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Cabe at the Design Council host regular seminars in which interested members of the public are invited to  debate the latest built environment issues, challenge the experts, network with others in the profession, and, of course, have their say. This blog post is about our recent seminar, Health and design.

At the latest Cabe seminar, we looked at the challenges faced by the built environment and healthcare sector as policy in both areas undergoes dramatic change.

The beauty of these seminars is the cross pollination of ideas and professions. Susan Francis, programme director at Architects for Health, gave us a fascinating insight into how a “golden decade of design innovation” has led to holistic thinking across the profession. But in times of change and increasing pressure on the NHS we’re at risk of losing what we have learned in the past 10 years. Having devoted so much energy to ensuring best practice and innovation when designing for the health sector, how do we ensure that this expertise is not lost? Susan argued that designers need to have a central role in leading change in the future NHS.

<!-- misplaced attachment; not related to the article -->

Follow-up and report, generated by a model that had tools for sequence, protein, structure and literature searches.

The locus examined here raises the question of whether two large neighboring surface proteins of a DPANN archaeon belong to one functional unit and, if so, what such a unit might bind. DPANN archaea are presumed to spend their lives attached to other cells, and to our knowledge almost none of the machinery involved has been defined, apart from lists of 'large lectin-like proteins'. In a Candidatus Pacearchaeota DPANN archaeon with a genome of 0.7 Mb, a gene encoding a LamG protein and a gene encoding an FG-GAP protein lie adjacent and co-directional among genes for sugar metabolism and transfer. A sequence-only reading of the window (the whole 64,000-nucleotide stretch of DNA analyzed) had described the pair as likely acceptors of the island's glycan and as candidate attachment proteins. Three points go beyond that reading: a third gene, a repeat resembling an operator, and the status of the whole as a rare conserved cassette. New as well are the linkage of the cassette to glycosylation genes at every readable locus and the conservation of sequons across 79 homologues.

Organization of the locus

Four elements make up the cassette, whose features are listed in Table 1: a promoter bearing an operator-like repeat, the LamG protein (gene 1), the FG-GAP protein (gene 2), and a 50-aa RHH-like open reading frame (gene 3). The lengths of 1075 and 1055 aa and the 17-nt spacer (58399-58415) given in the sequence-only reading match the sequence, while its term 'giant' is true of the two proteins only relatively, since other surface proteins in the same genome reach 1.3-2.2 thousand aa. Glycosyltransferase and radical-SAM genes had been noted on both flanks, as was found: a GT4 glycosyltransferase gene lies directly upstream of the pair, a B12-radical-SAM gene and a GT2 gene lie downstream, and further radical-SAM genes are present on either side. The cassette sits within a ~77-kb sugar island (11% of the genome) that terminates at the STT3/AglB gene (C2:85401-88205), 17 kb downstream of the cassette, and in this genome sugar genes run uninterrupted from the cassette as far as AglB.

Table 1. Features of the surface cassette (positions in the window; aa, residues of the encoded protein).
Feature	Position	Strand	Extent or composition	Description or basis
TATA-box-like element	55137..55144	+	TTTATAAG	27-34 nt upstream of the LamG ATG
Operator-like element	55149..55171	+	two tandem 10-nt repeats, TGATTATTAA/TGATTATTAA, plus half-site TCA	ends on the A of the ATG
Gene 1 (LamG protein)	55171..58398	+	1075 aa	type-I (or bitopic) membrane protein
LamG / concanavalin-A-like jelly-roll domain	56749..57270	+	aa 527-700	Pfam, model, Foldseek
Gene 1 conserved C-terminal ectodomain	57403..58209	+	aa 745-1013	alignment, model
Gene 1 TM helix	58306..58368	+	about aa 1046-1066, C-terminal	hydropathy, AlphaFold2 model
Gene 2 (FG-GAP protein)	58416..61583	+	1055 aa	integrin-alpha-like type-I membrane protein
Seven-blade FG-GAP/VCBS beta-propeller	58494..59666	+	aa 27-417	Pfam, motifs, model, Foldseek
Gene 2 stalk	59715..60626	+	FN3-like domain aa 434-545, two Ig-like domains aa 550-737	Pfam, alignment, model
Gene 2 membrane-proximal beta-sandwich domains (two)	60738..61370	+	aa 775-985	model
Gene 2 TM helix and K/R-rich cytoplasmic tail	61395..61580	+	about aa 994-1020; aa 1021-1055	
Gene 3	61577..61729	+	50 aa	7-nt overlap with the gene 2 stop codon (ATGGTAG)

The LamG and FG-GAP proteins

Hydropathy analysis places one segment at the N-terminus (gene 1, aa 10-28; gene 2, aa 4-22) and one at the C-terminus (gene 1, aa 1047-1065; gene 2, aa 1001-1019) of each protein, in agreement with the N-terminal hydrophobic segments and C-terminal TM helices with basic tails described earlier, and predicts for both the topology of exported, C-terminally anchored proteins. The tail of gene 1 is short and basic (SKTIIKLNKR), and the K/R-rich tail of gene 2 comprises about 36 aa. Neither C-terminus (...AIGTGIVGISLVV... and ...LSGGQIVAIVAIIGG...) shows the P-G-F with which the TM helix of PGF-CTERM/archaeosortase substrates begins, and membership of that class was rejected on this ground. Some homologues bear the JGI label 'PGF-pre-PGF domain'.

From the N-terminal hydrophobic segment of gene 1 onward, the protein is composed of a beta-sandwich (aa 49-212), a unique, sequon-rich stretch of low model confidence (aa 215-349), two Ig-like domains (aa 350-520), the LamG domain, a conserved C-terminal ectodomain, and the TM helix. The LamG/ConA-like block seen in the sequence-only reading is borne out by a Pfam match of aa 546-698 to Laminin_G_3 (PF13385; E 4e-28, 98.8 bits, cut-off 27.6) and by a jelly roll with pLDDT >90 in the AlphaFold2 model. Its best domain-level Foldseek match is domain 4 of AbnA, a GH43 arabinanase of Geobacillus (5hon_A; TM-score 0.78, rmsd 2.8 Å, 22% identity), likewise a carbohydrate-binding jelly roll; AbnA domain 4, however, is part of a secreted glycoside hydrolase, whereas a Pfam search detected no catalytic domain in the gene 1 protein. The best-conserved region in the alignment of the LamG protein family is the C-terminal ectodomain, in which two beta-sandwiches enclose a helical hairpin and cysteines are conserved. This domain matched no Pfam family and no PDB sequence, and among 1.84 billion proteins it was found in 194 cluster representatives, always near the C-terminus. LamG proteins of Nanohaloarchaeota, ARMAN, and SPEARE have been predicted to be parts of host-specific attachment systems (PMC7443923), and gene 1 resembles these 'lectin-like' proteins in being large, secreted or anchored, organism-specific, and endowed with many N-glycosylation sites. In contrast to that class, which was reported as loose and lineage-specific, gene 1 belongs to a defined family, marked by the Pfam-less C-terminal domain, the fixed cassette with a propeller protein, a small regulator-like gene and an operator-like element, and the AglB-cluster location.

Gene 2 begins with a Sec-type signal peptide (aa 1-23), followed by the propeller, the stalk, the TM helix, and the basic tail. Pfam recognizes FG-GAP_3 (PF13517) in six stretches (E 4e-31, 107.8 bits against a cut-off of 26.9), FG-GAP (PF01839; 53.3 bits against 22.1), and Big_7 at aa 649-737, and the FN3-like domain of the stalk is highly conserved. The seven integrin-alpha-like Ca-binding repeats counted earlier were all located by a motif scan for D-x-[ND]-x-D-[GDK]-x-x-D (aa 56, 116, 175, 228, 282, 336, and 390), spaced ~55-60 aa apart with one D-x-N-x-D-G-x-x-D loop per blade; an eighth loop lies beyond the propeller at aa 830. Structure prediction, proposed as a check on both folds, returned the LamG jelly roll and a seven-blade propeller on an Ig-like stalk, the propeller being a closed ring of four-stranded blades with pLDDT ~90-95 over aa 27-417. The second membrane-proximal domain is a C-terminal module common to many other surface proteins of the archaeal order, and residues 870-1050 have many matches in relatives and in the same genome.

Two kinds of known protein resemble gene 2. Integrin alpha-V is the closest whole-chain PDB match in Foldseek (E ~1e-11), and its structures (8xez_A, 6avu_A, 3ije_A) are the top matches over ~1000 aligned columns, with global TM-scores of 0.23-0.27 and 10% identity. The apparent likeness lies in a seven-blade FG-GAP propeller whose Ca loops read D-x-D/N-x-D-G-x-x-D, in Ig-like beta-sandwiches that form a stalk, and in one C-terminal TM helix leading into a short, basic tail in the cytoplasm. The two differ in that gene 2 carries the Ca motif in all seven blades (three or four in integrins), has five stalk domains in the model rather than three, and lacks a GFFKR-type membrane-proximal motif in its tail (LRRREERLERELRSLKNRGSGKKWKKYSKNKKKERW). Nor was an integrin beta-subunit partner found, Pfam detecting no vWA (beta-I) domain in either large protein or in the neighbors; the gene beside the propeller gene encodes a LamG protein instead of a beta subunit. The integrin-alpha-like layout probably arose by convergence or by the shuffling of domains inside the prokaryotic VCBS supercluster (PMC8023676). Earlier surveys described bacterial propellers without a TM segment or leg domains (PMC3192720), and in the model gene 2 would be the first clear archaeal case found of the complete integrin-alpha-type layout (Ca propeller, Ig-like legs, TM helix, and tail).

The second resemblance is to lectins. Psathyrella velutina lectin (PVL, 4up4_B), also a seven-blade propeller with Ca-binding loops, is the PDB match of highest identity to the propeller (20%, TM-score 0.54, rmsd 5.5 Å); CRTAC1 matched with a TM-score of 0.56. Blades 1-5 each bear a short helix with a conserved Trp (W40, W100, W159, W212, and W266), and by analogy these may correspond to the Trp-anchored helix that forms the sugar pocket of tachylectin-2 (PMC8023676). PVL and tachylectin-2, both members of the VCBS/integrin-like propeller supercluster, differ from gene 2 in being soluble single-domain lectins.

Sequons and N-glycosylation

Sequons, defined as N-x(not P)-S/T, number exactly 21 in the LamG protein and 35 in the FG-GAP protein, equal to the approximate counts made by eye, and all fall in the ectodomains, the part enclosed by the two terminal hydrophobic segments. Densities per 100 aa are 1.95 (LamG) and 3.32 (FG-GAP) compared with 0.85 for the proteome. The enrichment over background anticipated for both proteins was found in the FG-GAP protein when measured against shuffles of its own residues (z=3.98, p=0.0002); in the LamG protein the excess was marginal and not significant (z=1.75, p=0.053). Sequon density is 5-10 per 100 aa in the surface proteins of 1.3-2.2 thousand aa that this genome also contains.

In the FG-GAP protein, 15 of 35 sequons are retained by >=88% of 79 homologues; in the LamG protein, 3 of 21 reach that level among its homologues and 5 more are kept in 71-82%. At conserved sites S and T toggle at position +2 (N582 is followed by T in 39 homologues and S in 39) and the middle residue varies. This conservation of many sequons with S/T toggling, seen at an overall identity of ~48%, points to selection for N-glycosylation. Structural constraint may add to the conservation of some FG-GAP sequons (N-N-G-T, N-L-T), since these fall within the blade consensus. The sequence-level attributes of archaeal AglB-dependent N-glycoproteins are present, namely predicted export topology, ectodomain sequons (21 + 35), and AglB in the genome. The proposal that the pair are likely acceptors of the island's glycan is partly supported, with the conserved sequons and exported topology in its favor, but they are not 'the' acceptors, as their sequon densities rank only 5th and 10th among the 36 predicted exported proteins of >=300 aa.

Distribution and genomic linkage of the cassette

We were then reminded of the complexities of the procurement process by Phil Smith from NHS London. Phil discussed the enormity of the task in terms of rationalising healthcare estates and the challenges that decentralising healthcare provision brings.

Phil’s talk was followed by a tour de force from Rory Coonan, Director of Design for Circle Hospitals. The scheme at Bath (below) is the John Lewis of the healthcare world and provides a clear vision for the future: well designed, efficiently procured, and to an incredibly high clinical standard. All for less than the price of a traditional PFI scheme!

The foyer at CircleBath Hospital

The foyer at CircleBath Hospital

With input from NHS estate directors, local authorities, architects and developers, the afternoon provided much food for thought as the NHS, and indeed the planning system, undergo radical change.

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